Alas, while I was hoping to find an explicit statement by either Jeski Social Campaign or the Rainforest Action Network describing this picture as a digital creation, so far I haven't been able to locate one. Thus, while there's plenty of circumstantial evidence of the bend in the road featured in these images being the result of digital manipulation (and, IMO, quite definitive evidence of other parts of the images having been thus manipulated), I cannot quite prove with 100% certainty that these images, even if heavily edited, aren't based on a real photo of a real road with such a bend around a real tree in it.

I'd be willing to bet with pretty good odds that they aren't, though.


Update: After I posted this, two other users picked up the trail from where I left it.

First, Dewi Morgan, who originally pointed me in this direction, found that the second image above (archive link) contains some interesting metadata, including the following XMP metadata entries that appear to come from (one of) the stock image(s) used to create it:

  • Description: Rural Road
  • Country: USA
  • State: Arizona
  • Instructions: RF Image, Not Model Released, Not Property Released
  • Source: Corbis
  • Rights: (C) 2006 Ron Chapple/Corbis
  • Credit: www.jupiterimages.com
  • Headline: 24237409
  • Transmission Reference: 17707700
  • Web Statement: http://pro.corbis.com/search/searchresults.asp?txt=42-17707700&openImage=42-17707700
  • Subject: 24237409, above, aerial, aerial view, america, american, arizona, backroad, country road, desert, diagonal, diagonal line, diagonal pattern, expressway, freeway, from above, heathland, high angle view, highway, land, landscape, line, linear, motorway, nobody, north america, north american, outdoor, outside, overhead, overview, panorama, panoramic, photography, picturesque, pretty, road, roadway, rural road, scene, scenery, scenic, scenic beauty, scrubland, shrubland, southwest, southwestern, southwestern united states, straight, transport, transportation, transporting, u.s., u.s.a., united states, us, usa, vast, veld, view, view from above

Alas, the URL included in the metadata no longer works, but RUOK_ nonetheless somehow managed to locate the original stock image!

Out of caution, I won't include the full original image here — not even the watermarked version available for public viewing on the Getty Images web site — since there's always a risk that the commercial distributor selling usage rights to this image might not like it, and might try to get it taken down as a copyright violation (and potentially cause collateral damage in the process). However, just to demonstrate that the images do indeed match, here's a side-by-side comparison of details from the various versions:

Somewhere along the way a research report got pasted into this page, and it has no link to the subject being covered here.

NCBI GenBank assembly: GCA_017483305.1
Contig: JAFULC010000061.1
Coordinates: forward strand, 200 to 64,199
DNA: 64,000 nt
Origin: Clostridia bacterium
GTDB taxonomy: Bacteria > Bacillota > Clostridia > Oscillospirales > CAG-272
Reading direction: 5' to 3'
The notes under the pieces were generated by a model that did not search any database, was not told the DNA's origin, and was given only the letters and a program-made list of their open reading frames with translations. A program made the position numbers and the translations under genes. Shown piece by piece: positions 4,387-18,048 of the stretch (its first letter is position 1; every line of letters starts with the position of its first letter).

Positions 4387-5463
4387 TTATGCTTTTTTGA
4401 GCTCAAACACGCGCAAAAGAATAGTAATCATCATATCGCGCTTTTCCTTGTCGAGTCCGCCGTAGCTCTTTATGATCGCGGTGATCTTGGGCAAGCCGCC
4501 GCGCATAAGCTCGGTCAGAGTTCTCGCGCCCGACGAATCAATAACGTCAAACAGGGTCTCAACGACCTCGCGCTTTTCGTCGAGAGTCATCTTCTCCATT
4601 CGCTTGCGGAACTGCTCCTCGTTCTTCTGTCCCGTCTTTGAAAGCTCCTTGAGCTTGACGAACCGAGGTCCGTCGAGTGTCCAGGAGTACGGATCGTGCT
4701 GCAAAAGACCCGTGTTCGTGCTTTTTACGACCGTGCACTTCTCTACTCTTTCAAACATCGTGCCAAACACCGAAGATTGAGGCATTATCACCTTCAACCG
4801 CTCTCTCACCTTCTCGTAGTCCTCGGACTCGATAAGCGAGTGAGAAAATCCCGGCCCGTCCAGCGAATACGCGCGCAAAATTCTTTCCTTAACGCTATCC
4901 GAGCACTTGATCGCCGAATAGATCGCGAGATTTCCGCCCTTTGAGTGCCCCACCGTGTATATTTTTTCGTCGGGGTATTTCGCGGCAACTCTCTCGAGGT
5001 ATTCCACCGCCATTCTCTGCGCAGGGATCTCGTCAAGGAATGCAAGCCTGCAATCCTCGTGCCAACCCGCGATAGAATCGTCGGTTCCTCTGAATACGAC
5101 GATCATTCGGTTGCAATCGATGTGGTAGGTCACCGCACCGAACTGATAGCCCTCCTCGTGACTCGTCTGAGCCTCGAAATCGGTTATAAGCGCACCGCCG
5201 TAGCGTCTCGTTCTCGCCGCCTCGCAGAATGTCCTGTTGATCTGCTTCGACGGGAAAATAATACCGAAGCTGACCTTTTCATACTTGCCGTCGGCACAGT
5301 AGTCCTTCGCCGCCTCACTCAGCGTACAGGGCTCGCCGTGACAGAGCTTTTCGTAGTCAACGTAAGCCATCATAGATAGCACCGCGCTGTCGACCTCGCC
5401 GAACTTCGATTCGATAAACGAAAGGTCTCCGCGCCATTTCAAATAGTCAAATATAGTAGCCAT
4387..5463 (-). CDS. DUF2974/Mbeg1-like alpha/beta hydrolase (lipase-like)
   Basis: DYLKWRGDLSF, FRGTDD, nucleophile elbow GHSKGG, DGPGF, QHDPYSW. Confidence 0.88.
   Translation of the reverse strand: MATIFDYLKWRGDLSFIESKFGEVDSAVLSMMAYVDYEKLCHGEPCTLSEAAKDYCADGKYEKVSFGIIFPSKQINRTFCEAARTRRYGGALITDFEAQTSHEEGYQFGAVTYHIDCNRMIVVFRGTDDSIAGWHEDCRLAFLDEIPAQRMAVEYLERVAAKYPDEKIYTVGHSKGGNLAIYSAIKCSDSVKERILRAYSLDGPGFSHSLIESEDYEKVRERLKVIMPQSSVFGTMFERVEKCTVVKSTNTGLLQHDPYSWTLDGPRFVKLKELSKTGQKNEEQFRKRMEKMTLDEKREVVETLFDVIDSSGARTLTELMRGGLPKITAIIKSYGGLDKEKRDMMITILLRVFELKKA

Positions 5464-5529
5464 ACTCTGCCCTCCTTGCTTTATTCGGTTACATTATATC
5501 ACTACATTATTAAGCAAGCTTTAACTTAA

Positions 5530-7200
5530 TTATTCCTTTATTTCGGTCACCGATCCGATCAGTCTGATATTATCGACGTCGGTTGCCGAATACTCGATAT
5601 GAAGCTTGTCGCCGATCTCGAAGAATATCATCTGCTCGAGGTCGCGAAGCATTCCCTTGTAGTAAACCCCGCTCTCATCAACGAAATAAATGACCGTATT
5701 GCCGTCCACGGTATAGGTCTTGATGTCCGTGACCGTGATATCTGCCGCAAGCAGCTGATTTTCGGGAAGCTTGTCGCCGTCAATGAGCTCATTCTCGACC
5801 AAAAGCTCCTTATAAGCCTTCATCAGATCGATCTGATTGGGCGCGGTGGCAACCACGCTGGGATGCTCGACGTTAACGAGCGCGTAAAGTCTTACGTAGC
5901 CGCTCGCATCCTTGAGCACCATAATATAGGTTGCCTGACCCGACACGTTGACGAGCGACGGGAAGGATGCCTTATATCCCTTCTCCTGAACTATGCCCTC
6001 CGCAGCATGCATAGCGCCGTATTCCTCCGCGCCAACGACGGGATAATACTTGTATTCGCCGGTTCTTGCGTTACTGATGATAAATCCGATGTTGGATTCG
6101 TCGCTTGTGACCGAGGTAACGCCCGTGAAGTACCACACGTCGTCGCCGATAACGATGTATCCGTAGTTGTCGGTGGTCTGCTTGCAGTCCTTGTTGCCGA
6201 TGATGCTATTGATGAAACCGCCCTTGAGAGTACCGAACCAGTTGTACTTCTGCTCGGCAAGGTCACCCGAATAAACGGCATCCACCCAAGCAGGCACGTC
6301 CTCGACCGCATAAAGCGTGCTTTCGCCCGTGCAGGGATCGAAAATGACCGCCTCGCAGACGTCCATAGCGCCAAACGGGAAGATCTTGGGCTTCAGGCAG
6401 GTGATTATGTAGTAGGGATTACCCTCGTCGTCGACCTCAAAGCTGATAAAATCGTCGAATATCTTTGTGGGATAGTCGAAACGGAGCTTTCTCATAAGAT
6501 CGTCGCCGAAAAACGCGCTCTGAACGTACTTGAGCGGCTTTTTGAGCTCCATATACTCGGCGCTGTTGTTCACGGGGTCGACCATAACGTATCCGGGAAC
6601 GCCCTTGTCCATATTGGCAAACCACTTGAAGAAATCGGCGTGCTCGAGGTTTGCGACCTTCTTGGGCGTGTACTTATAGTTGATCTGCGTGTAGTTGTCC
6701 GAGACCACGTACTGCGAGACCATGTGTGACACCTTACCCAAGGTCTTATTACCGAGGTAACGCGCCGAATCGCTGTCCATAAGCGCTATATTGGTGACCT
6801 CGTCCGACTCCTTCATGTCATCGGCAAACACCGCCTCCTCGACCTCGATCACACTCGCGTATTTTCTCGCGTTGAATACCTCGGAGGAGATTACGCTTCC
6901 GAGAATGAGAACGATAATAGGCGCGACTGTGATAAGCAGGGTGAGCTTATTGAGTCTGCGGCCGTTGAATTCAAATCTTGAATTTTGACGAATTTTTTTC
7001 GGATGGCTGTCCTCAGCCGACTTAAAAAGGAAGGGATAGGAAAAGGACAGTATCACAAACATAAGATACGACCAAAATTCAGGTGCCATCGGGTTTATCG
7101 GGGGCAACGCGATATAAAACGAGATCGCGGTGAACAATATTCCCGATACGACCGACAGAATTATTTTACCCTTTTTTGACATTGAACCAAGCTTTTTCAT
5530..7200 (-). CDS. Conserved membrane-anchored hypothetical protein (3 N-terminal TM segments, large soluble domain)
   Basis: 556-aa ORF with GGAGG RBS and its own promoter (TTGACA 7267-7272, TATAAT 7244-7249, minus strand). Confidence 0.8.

Side-by-side comparison image

Side-by-side comparison of details from various versions of the image. Left column: landscape format ad campaign image from Jeski Social Campaign website; middle column: portrait format image from The Korea Guide article; right column: original rural highway stock photo from Getty Images website, scaled down to approximately match the left column. Top row: cars in top left corner of the campaign images; bottom row: duplicated rocks and shrubs on the road embankment near the bottom of the campaign images, and the corresponding spot in the original stock photo.

And no, the road in the original stock photo does not have any bends, whether around trees or otherwise. It's perfectly straight all the way.

However, the same patterns of repeating rocks and shrubs on the road embankment highlighted on the bottom row in the comparison above can also be seen, scaled down, on the inside curve of the detour around the tree in both of the edited images. The following picture highlights the matching patterns (in the portrait format version of the image from The Korea Guide article, which is the sharpest version I have, and thus best suited for comparing small details):

Comparison of curved road section detail with stock photo and straight road section

This duplication of image details fairly definitively confirms that even the curved section of the road is indeed based on the same stock photo, and has merely been edited to curve instead of going straight.


Based on this evidence, we can thus definitively conclude that the image in question is not an authentic photograph. The roadway shown in the image comes from a stock photo of a straight rural highway in Arizona, and has been digitally manipulated to add the curved section.

There certainly are many real places in the world where roads do detour around trees. But this picture does not show one of them.


Ps. This stock photo from the same series, presumably taken a few seconds earlier, shows the same road and vehicles but also more of the surrounding landscape. I wonder if some skilled geodetective and/or Arizona local might be able to pinpoint the actual location it was taken at…

…never mind, I found it myself! The road in the picture is US Route 160, and the point in the middle of the original stock photo where the small dirt road branches off from it — which is close to where the fake bend and the tree are in the edited version — is located at 36° 55' 59" N, 109° 8' 23" W, about 3 miles west of Teec Nos Pos in the very northeastern corner of Arizona, or about 9 miles from the Four Corners Monument.